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I read a book and I don't understand one transition:

$R$ is a PID. $M$ is a finitely generated module. Thus there exists a surjective $\varphi:R^n\to M$. $R$ is PID therefore $R$ is noetherian, thus $R^n$ is noetherian thus $\ker\varphi\subseteq R^n$ is finitely generated. Thus there exists $\psi :R^m\to R^n$ such that $\operatorname{Im} \psi=\ker\varphi$.

The transition that I don't understand is why is $M=\operatorname{coker} \psi$?

I know that $\operatorname{coker}\psi=R^n/\operatorname {Im}\psi=R^n/\ker\varphi$. I don't understand how does $M=\operatorname {coker}\psi$. Thanks.

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We have $M = \text{im}(\varphi) \cong R^n/\text{ker}(\varphi) = R^n/\text{im}(\psi) = \text{coker}(\psi)$.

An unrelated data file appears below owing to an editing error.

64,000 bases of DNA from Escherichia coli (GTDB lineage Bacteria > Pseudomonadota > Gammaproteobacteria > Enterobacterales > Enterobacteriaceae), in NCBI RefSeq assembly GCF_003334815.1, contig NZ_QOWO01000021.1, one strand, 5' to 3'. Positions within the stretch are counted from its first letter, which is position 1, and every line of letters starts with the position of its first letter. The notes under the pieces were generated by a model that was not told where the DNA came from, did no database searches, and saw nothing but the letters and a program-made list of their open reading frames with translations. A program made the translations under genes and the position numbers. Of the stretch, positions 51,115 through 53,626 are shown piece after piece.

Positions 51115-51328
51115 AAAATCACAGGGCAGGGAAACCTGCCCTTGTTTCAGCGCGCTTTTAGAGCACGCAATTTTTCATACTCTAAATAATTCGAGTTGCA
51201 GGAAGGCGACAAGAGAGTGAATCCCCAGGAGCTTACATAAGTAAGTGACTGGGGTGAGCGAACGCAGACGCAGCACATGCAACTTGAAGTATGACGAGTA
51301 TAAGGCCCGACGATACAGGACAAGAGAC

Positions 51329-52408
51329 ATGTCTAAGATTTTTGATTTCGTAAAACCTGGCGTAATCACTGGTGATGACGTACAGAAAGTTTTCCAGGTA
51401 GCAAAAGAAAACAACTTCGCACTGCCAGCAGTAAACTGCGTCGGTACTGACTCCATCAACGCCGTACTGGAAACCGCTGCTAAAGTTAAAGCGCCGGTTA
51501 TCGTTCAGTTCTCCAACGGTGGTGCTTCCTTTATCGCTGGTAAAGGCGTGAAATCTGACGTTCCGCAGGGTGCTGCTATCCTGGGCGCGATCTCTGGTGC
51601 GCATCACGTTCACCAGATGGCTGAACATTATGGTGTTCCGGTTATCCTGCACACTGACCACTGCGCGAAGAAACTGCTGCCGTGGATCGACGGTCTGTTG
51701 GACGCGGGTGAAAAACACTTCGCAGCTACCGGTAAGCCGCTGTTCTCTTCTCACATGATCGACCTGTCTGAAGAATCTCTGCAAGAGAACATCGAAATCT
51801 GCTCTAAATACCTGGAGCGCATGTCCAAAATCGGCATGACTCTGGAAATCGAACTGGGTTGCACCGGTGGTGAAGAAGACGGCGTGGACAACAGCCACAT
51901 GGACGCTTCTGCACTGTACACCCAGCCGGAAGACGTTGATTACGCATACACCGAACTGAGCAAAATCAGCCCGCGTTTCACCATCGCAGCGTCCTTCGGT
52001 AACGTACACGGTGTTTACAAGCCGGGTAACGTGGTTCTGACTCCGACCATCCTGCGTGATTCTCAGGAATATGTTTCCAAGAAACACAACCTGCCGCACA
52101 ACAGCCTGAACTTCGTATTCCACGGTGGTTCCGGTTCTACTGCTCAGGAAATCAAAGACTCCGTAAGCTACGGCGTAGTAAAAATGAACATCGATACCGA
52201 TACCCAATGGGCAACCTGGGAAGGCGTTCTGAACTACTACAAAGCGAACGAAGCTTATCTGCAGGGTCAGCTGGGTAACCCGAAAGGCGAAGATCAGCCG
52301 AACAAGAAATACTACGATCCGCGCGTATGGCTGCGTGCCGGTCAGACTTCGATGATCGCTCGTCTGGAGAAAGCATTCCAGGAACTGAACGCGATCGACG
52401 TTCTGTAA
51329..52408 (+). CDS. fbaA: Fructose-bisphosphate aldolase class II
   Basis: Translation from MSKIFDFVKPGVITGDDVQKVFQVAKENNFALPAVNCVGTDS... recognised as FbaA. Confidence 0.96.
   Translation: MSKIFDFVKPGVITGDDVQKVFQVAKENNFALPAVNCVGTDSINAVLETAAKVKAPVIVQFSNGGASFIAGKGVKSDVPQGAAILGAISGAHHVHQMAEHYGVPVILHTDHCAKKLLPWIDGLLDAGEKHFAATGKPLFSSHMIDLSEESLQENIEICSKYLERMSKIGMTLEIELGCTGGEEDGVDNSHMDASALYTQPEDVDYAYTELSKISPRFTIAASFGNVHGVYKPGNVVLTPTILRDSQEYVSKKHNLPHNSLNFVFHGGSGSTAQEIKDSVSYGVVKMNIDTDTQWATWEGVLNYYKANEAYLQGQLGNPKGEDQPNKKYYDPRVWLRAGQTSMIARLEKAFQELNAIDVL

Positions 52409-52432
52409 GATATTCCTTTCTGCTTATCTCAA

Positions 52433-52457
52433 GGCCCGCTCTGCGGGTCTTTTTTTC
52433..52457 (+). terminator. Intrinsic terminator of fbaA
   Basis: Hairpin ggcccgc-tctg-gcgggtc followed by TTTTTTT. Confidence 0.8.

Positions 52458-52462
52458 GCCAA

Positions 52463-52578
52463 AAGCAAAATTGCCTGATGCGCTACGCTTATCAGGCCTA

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The image of $\varphi$ is isomorphic to $R^n/\ker\varphi$. But $\varphi$ is surjective, so that image is just $M$.

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There exists a surjective morphism $\;p:R^m\longrightarrow\ker\varphi$ for some $m$, and $\psi$ is just the composition of $p$ by the canonical injection $\;i:\ker\varphi\hookrightarrow R^n$.

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